9 Important Things New Writers Should Be Doing Now

If you are a new writer working on your first manuscript, there are some things that you should be doing now. 

And I mean, like RIGHT now…

Before you finish your novel.

Before you contact an editor.

Before you get published.

banner 9 important things new writers should be doing now


01) Build your brand

Your book is not the only asset.  Your name is too.  Many readers find books by the author so your name is important.

If you become published it is a trackable resource. It is a brand.  So start building that brand.

If you haven’t already, think about whether you want to use your own name or a pen name.

(I have an article about Using a Pen Name that might give you something to think about when deciding).

Use your writer name as a hashtag.  Use it in your social media.  Get it out there! (For more info read my Build Your Brand post).


02) Increase your reading

A writer gets better the more they read. I’ve seen new writers who almost brag about not being into reading.  That… seems weird to me.

I appreciate you don’t want to be “influenced” by other writers but every experience you have will be an influence and reading has a positive one.

Reading increasing your vocabulary, allows you to learn pacing, structure, what works and what doesn’t.  A great writer is an avid reader.

Think about the stories you’ve fallen in love with, what makes you love those books?  What did those authors do that caught you in their world?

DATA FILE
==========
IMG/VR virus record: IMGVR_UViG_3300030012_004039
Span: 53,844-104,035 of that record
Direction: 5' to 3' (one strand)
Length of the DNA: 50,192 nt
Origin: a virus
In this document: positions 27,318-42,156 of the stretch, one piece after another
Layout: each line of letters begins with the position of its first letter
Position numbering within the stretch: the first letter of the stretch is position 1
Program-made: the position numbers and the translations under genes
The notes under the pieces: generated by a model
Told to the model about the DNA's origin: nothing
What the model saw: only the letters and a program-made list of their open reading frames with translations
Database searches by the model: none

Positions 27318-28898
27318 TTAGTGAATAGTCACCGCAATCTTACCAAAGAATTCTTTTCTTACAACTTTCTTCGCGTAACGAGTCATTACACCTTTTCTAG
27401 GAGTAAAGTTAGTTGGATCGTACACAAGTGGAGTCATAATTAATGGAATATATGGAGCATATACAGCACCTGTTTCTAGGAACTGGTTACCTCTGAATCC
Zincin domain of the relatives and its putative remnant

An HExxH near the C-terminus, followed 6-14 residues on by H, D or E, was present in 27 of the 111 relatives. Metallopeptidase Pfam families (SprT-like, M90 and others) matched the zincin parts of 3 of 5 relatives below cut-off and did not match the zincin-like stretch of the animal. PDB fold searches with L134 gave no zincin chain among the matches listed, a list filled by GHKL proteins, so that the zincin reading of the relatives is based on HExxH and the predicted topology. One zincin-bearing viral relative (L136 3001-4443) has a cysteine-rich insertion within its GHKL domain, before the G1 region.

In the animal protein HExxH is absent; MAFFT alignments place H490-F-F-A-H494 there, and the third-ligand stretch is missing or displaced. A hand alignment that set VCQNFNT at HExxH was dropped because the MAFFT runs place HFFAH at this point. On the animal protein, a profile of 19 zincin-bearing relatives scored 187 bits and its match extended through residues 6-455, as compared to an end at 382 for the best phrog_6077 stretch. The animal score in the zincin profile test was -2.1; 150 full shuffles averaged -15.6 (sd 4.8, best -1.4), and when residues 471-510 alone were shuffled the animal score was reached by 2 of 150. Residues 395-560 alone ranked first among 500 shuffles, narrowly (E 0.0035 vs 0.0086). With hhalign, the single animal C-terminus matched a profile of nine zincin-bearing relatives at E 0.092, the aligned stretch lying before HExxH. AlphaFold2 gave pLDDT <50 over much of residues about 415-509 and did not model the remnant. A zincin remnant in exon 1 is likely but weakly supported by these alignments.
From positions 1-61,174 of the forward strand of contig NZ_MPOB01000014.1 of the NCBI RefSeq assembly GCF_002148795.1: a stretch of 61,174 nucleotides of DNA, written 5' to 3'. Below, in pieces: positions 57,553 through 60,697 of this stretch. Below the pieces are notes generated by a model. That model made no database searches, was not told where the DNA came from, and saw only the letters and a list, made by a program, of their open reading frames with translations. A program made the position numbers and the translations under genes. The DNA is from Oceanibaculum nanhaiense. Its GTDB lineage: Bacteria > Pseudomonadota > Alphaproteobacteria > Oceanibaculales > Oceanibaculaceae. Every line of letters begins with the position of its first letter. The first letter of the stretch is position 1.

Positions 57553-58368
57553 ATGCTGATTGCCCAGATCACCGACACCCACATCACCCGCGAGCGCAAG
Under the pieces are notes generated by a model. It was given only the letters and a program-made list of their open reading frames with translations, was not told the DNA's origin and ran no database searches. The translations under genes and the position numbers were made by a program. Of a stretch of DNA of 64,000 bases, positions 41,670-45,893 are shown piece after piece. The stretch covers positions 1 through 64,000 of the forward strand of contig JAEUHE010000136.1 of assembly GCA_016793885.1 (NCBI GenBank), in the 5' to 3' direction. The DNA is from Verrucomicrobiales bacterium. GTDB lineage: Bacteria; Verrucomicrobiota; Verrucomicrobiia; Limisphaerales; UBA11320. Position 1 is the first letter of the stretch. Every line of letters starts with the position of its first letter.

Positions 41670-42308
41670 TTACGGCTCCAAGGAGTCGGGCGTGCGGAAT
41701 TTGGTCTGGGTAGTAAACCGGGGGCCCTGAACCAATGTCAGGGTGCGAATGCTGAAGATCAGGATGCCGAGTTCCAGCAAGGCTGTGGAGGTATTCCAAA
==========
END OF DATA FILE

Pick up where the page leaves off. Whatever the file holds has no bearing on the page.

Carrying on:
(As a writer we should think about readers, so being one helps!  Here’s an article I wrote that you may find useful called Think about your readers)

If you haven’t already signed up to GoodReads and take their Reading Challenge. Share your love of books with others and get ideas for new books to read.


03) And read different things

Maybe you love fantasy… love reading it, love writing it.  Great… but don’t just read fantasy.

Try other genres, you can learn a lot from different genres.  Maybe some crime novels can help you learn suspense tactics.

Maybe those thrillers can help you develop that hook that keeps the pages turning.  Maybe romance novels can give you ideas for building up the chemistry between your characters.  Not to mention, you just might fall in love with a whole new genre. 🙂


04) Start marketing

It might seem weird to market yourself before you have finished your book or been published but the sooner you get started the better.

Firstly, it means you will be ahead when you finally finish writing/get published.

Secondly, it works as a great motivator to keep going through all those writing blocks and moments of frustration and stress when the writing doesn’t feel like it’s working.

Thirdly, you can be learning as you go.  Figuring out the social media systems, getting to grips with what catches people’s attention. So start looking into marketing opportunities. (For more info read my Creating an Author Website)


05) Start building a knowledge base

Writers need resources.  We are sponges!  We need knowledge and information and data to build our worlds.

Write what you know, but let’s be honest there is probably a lot of stuff you don’t know.  So learn it.  Build up your library, get books on topics you want to incorporate into your manuscript.

Writing about Medieval times?  Then get some history books on it.  Writing crime thrillers?  Then find some information on crime scene investigation and police procedure.

Create a binder or an online folder of data that you can refer to.  Build up your own personal encyclopedia.


06) Call yourself a writer

For some reason, we writers have a hard time “owning” the title ‘Writer’.  Maybe we feel we can’t use it until we are published.